365 Ninja offers a range of videos to help you learn Office 365, including a range on OneNote. Here’s one I learned something from today. Spoiler alert: the Mac version of OneNote is improving, but lacks lots of features, including the insert Excel spreadsheet functionality.

OneNote Notebook Creator

So, I finally got my hands on OneNote Notebook creator as part of the trial group at my school, thanks to the support from the computer team who’v set it up. They set the Sharepoint site up and I ran the Notebook creator tool, setting up three distinct spaces in the OneNote notebook as outlined below.  I set up the student private notebooks with tabs for the key texts (Amadeus, Antony and Cleopatra etc…) a content library, which is the resources I’ve been sharing so far by email, and the collaborative space,which I’m probably most excited about.

Each Class Notebook is organized into three areas:

Student Notebooks
A private notebook shared between the teacher and each individual student.
Teachers can read and write to all student notebooks
Students cannot see other private section groups outside their own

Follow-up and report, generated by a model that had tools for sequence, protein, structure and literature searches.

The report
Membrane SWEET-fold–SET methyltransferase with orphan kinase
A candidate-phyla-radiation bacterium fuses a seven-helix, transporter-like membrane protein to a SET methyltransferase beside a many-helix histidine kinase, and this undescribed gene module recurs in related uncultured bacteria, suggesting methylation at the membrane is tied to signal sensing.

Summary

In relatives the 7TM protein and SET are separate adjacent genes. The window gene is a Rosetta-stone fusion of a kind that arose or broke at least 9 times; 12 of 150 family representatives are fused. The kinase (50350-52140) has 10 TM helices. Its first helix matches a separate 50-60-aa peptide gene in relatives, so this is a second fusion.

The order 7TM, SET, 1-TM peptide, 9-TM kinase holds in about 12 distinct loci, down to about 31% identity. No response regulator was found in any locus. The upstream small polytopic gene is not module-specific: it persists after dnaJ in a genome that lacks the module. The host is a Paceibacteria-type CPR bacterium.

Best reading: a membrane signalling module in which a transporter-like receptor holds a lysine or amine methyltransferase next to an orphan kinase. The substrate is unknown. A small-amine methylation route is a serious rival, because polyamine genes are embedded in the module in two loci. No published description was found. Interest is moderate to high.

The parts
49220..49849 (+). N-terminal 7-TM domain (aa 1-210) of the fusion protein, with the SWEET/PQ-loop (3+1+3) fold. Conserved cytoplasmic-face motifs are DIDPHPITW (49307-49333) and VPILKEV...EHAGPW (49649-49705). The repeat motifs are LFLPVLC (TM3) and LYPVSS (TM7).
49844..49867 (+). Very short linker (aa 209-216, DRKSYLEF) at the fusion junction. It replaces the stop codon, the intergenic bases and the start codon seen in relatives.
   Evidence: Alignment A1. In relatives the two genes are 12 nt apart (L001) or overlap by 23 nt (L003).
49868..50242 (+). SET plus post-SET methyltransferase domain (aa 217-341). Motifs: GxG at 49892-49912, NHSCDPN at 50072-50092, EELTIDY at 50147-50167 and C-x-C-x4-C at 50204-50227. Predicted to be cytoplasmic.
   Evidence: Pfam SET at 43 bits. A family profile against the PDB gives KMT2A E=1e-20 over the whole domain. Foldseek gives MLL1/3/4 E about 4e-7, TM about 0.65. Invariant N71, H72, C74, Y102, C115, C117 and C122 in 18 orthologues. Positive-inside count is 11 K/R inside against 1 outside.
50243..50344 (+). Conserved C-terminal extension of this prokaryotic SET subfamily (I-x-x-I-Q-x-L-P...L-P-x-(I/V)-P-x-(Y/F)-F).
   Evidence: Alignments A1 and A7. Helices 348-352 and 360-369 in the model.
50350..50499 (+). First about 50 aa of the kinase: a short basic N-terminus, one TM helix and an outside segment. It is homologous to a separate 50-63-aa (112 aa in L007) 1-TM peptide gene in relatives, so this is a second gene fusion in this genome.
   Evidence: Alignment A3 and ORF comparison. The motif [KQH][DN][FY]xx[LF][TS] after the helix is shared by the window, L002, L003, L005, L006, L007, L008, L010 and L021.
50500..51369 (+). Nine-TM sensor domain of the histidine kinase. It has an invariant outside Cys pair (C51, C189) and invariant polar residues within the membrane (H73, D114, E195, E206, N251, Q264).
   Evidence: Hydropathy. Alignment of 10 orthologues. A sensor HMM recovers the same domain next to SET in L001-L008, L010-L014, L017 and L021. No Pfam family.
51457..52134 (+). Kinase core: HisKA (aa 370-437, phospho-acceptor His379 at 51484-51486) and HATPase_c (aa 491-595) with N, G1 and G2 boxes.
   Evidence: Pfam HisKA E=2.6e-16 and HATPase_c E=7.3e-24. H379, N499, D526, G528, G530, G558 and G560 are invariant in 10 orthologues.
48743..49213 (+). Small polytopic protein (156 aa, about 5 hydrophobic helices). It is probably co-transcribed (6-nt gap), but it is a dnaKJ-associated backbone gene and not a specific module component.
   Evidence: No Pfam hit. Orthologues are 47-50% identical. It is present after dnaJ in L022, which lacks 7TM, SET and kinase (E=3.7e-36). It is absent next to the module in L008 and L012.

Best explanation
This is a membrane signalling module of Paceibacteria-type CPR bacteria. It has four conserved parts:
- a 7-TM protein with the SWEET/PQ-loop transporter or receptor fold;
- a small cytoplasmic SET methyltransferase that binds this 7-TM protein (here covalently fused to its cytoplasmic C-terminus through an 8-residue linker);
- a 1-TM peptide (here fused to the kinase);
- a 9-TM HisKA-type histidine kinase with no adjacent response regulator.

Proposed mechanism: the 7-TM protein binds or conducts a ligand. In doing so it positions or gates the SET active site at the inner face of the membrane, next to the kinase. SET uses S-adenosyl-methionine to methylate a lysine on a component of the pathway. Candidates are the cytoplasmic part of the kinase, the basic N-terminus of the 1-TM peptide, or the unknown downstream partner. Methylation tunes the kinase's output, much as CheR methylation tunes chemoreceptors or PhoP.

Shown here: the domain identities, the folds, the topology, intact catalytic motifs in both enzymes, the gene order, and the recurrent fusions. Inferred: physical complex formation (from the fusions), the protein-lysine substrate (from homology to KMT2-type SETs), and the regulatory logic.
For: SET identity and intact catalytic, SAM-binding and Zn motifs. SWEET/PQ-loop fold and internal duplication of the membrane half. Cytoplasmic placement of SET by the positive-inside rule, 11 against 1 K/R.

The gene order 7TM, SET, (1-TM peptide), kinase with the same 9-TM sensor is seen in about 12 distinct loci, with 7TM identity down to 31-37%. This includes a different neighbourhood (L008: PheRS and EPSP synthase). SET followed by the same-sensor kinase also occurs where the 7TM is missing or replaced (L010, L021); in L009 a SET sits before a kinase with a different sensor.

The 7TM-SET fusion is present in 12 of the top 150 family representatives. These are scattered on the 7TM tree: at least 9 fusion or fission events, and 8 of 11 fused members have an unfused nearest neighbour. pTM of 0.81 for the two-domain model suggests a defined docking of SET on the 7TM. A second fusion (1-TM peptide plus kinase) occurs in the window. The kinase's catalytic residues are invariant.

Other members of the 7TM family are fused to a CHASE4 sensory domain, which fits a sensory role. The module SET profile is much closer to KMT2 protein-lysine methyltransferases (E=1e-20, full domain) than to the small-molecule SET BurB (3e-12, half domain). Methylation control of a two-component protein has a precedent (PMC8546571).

Content Library
A read-only notebook where teachers can share handouts with students.
Students can only read — i.e. pull from — the Content Library. They cannot edit.
Teachers can read and write to the Content Library

Collaboration Space
A notebook for everyone in your class to share, organize, and collaborate.
Everyone can read and write to the Collaboration Space

I’ve been using OneNote as a teaching tool for years now, and this is the biggest break-through yet I think. As one teacher, from the USA, I was speaking to yesterday said, this is a ‘game changer’.

I’ll be sharing what happens. Meanwhile, here’s a video overview:

Planbook as a lesson planning tool

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Last year I got pretty interested in the application of what Vic Zbar called ‘highly effective micro-teaching strategies’, particularly in the area of feedback and formative assessment and particularly related to the Hattie research and applications emerging from all that. Things like: ‘wait time’, ‘no hands up’, the icy pole stick questioning and the ‘pounce and bounce’ strategies, some of which I blogged about last year, and most of which are firmly analog. It’s hard to imagine something more low-tech than an icy-pole stick, even one decorated lovingly with texta and fineliner pen.

I enjoyed that thinking and aim to continue lots of those approaches this year.